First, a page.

Pitching the Babe Ruth of Travel, Peter Greenberg
One of the most difficult tasks anyone in public relations has is oddly enough communicating news to the media. These “outreaches” or “pitches,” as they are called, can be unbelievably awkward at times. Such is the case with some news this writer is putting out for next week. As it turns out pitching the likes of Peter Greenberg, maybe the world’s greatest authority for all things travel, is a decent case study in media communications.
Being not only a PR firm, but a news source ourselves, the eclectic nature of all those things we send and receive information on is both wonderful, and at times daunting. The wonderful part is, we get to touch on so much, meet so many fine people, engage the world as it is, vast – yet all to often small and intimate.
Knowing Your Audience – Hah!
The long and short of this, in as far as mistakes and success are concerned, it that it is impossible to remember (or even jot down) everything. Such is the case with a little “pitch” we are sending out for next week. The import of our client’s fairly wonderful news, overriding even one’s own obvious recollections. How could I have forgotten who Peter Greenberg was? Well, never forgotten, but certainly underestimated. Here’s why.
Stay.com’s public beta launch is a project we have been been working on for almost a year. A valuable commodity to say the least. Their beta launch next week, of course, putting us in the director’s chair for a spell – just like any PR company. From social media to the irreconcilable personal emails (never send out automated stuff), phone calls, network outreaches, blah, blah, blah – even the “personal” gets to be impersonal.
When Pweeeez May Not Cut It
Then you do some brief research on the names, to get to know some of the people, after all who wants to be a jerk and mimic the cold sale encyclopedia salesman? Then it happens. The cognizant memory is overridden by need, or want, whatever. An Emmy Award winning expert gets an email, maybe a Facebook message, a Tweet; “Hey Meester travel guru number 57, could you pwwweeeeeeze be so kind?” Let me drop a few names to clarify this story a little better; CBS News, Today, CNBC, MSNBC, Good Morning America, Newsweek, Forbes, and Paramount just to name a few.
This is the point when any good communicator pops the top on a cold one and thinks to his or herself; “You may have overlooked the possibility you are a moron.” But then, how does anyone reach out to people in the know? There is an honesty to mistakes, isn’t there? People like Greenberg have seen it all. Maybe a crappy pitch send honestly is better than one too refined after all? The lesson here (at least I hope so)? Be honest.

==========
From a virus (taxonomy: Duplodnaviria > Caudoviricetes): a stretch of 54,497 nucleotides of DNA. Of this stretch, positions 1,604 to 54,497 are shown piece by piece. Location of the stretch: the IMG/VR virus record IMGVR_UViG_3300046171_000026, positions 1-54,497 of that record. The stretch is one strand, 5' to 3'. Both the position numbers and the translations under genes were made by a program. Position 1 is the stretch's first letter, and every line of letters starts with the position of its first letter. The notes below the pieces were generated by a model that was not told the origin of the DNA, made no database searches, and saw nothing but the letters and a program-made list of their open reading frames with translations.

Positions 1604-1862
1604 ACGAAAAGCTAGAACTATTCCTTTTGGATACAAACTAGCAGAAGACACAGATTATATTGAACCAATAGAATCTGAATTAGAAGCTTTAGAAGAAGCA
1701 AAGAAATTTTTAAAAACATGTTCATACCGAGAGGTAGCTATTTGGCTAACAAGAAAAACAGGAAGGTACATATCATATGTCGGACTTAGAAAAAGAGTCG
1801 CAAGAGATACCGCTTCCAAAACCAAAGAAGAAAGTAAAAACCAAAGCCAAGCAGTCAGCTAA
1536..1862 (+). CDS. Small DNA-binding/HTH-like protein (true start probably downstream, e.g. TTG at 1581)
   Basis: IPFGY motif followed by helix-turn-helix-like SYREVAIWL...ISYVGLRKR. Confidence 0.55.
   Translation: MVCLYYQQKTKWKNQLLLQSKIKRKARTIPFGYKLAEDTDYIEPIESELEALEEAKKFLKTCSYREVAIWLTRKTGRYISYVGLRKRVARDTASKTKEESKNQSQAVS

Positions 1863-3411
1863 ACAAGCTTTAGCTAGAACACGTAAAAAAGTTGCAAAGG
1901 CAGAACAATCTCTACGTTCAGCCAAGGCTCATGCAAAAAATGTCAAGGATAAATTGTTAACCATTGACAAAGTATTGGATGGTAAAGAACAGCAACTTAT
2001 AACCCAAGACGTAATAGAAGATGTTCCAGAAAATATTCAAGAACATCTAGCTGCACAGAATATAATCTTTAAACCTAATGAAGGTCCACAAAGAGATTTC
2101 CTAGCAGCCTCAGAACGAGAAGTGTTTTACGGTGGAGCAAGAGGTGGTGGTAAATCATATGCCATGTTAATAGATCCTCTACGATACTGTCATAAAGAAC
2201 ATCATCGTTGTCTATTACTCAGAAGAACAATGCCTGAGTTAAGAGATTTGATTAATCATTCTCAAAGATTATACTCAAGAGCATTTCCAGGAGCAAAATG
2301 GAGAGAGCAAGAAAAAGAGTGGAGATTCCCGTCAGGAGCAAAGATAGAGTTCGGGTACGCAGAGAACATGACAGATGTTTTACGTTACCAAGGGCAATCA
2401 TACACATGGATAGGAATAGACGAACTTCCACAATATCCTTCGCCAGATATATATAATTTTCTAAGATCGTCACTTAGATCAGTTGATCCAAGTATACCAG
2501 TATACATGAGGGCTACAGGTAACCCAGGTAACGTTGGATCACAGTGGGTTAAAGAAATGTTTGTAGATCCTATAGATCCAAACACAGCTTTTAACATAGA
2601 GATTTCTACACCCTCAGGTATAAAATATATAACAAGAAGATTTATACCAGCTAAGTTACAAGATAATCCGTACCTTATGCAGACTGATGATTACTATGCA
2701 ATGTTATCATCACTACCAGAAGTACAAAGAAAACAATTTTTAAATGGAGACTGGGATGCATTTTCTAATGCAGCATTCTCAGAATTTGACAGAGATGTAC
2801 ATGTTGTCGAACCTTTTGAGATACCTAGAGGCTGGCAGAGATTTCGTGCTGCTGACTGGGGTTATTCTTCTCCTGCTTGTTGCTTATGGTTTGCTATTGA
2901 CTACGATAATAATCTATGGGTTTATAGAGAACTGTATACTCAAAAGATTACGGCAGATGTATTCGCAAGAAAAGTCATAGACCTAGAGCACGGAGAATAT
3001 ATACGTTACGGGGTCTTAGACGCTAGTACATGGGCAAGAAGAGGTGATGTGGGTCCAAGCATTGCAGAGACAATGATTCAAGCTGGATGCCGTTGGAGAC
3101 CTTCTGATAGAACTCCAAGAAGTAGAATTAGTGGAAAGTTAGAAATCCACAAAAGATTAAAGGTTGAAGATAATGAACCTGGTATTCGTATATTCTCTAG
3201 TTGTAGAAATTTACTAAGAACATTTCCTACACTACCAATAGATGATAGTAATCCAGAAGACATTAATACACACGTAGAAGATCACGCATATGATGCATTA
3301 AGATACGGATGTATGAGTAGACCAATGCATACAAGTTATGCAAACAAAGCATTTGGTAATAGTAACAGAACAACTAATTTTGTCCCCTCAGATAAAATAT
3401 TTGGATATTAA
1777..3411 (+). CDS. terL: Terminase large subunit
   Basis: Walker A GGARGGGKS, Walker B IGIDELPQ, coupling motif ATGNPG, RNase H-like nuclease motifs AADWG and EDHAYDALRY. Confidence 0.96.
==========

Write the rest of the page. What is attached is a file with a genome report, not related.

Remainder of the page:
Having been on both ends of the “pitching” and catching end of things, I have to say the honesty of PR pitches is often easy to see. After a while one gets this ability (as a writer) to recognize the worn out PR rep on the other end of a mail. For me, I can see he or she hurriedly getting out this blurb or that at the speed of light – the glazed over eyeballs recalling distantly the enthusiasm of some great business venture. Most early startup CEO’s, from experience reporting and consulting them, are about as ready to go on vacation at a launch as they are continued development – the same is true for PR (and probably people like Greenberg too). “For God’s sake, when will they stop launching stuff?”
A Fastball Pitched To The Bambino – Eek!
The best advice any PR expert can give another is to do your best to research the people who actually can make or break your business. It should also be noted that being mercenary about this (adding friends and neighbors) is about as genuine as that last Internet flop you touted. Not every PR out there has at their disposal their own news outlet (ergo this article of do and don’t) to apologize for breaches of etiquette however small.
Sorry Peter, I was just getting done with remembering who Doug Lansky is, had little time to read all the 1.16 million results for you on Google. Point is, I did not need to really, I could have just thought “travel” and recalled. For those of you who do not know (the ones connected to the Internet by nylon strings) Peter covers travel, on and off line, like Baba Wawa (Barbara Walters) or Walter Cronkite covered the world. Enough said, save being gracious is next to godliness in my view. A new golden rule for PR execs and wanna bees? Well, maybe a re-written one; “Give the proper gravity to every situation, slow down, know to whom and of what you are speaking.” But of course, what can you do anyway, rewrite Wikipedia in an email?
This is in no way intended to minimize the import of ALL collaborators, but if you or I had put in the work Greenberg has? Well, try not saluting that Major General or Vice Admiral the next time he or she passes by in review. Sorry Peter, I tend to be too personable sometimes, my fatal flaw. But too the press I sent you is about a personable travel startup. :) Besides, Arnold Schwarzenegger follows me on Twitter, it is his fault I tend to call the world friend. Peter below being a friend to the AARP.